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Experimental psychology is an area of psychology that utilizes scientific methods to research the mind and behavior. While students are often required to take experimental psychology courses during undergraduate and graduate school, you should really think of this subject as a methodology rather than a singular area within psychology. Many of these techniques are also used by other subfields of psychology to conduct research on everything from childhood development to social issues. What Do Experimental Psychologists Do?
Experimental psychologists work in a wide variety of settings including colleges, universities, research centers, government and private businesses. Some of these professionals may focus on teachingexperimental methods to students, while others conduct research on cognitive processes, animal behavior, neuroscience, personality and many other subject areas. Those who work in academic settings often teach psychology courses in addition to performing research and publishing their findings in professional journals. Other experimental psychologists work with businesses to discover ways to make employees more productive or to create a safer workplace, a specialty area known as human factors psychology. The History of Experimental Psychology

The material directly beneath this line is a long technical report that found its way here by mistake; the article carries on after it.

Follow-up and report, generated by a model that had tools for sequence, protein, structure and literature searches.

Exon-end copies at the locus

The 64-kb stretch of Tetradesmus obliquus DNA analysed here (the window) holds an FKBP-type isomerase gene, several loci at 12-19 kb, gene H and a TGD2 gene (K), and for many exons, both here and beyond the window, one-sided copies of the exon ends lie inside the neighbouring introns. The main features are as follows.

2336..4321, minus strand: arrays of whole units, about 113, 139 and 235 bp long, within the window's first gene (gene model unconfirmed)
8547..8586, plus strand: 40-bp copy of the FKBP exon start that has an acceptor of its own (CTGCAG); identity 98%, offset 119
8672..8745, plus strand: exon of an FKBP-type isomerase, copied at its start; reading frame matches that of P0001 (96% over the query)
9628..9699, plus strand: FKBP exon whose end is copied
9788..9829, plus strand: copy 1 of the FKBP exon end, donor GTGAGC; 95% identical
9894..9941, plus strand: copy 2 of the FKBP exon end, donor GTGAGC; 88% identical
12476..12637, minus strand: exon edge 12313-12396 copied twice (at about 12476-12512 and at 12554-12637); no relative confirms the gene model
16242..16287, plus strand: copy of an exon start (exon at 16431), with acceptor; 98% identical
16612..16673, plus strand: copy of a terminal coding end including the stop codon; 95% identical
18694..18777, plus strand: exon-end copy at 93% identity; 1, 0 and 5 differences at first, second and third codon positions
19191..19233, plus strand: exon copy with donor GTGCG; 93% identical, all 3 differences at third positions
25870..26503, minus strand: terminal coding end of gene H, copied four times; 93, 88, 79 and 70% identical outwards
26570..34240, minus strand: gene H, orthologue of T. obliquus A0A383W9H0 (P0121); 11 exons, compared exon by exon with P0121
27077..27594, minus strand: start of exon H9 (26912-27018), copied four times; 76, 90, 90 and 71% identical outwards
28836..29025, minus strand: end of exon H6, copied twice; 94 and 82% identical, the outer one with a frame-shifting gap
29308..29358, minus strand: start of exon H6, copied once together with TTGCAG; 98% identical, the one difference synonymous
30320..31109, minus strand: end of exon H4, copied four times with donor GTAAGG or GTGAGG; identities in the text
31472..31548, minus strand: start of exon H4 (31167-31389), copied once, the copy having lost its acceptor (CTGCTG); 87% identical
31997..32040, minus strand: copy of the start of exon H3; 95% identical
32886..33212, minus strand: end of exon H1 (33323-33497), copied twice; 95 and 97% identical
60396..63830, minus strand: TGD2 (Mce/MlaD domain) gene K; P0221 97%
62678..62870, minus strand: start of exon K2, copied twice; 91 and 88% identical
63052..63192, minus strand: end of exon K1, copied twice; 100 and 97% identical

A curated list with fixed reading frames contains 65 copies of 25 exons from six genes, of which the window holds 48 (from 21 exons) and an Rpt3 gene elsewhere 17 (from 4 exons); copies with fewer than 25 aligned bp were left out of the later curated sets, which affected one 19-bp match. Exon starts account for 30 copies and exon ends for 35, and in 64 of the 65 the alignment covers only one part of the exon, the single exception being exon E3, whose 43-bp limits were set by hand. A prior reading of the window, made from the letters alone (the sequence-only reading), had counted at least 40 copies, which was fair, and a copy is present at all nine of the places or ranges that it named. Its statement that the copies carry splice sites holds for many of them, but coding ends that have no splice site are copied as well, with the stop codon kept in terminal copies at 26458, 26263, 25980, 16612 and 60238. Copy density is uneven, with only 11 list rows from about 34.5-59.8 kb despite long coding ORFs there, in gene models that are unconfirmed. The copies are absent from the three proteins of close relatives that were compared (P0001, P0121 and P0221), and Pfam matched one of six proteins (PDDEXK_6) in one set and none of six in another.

* 1874 - Wilhelm Wundt published the first experimental psychology textbook, Grundzüge der physiologischen Psychologie (Principles of Physiological Psychology). * 1875 - William James opened a psychology lab in the United States. The lab was created for the purpose of class demonstrations, rather than to perform original experimental research. * 1879 - The first experimental psychology lab was founded in Leipzig, Germany. Modern experimental psychology dates back to the establishment of the very first psychology laboratory by pioneering psychologist Wilhelm Wundt during the late nineteenth century. * 1883 - G. Stanley Hall opened the first experimental psychology lab in the United...
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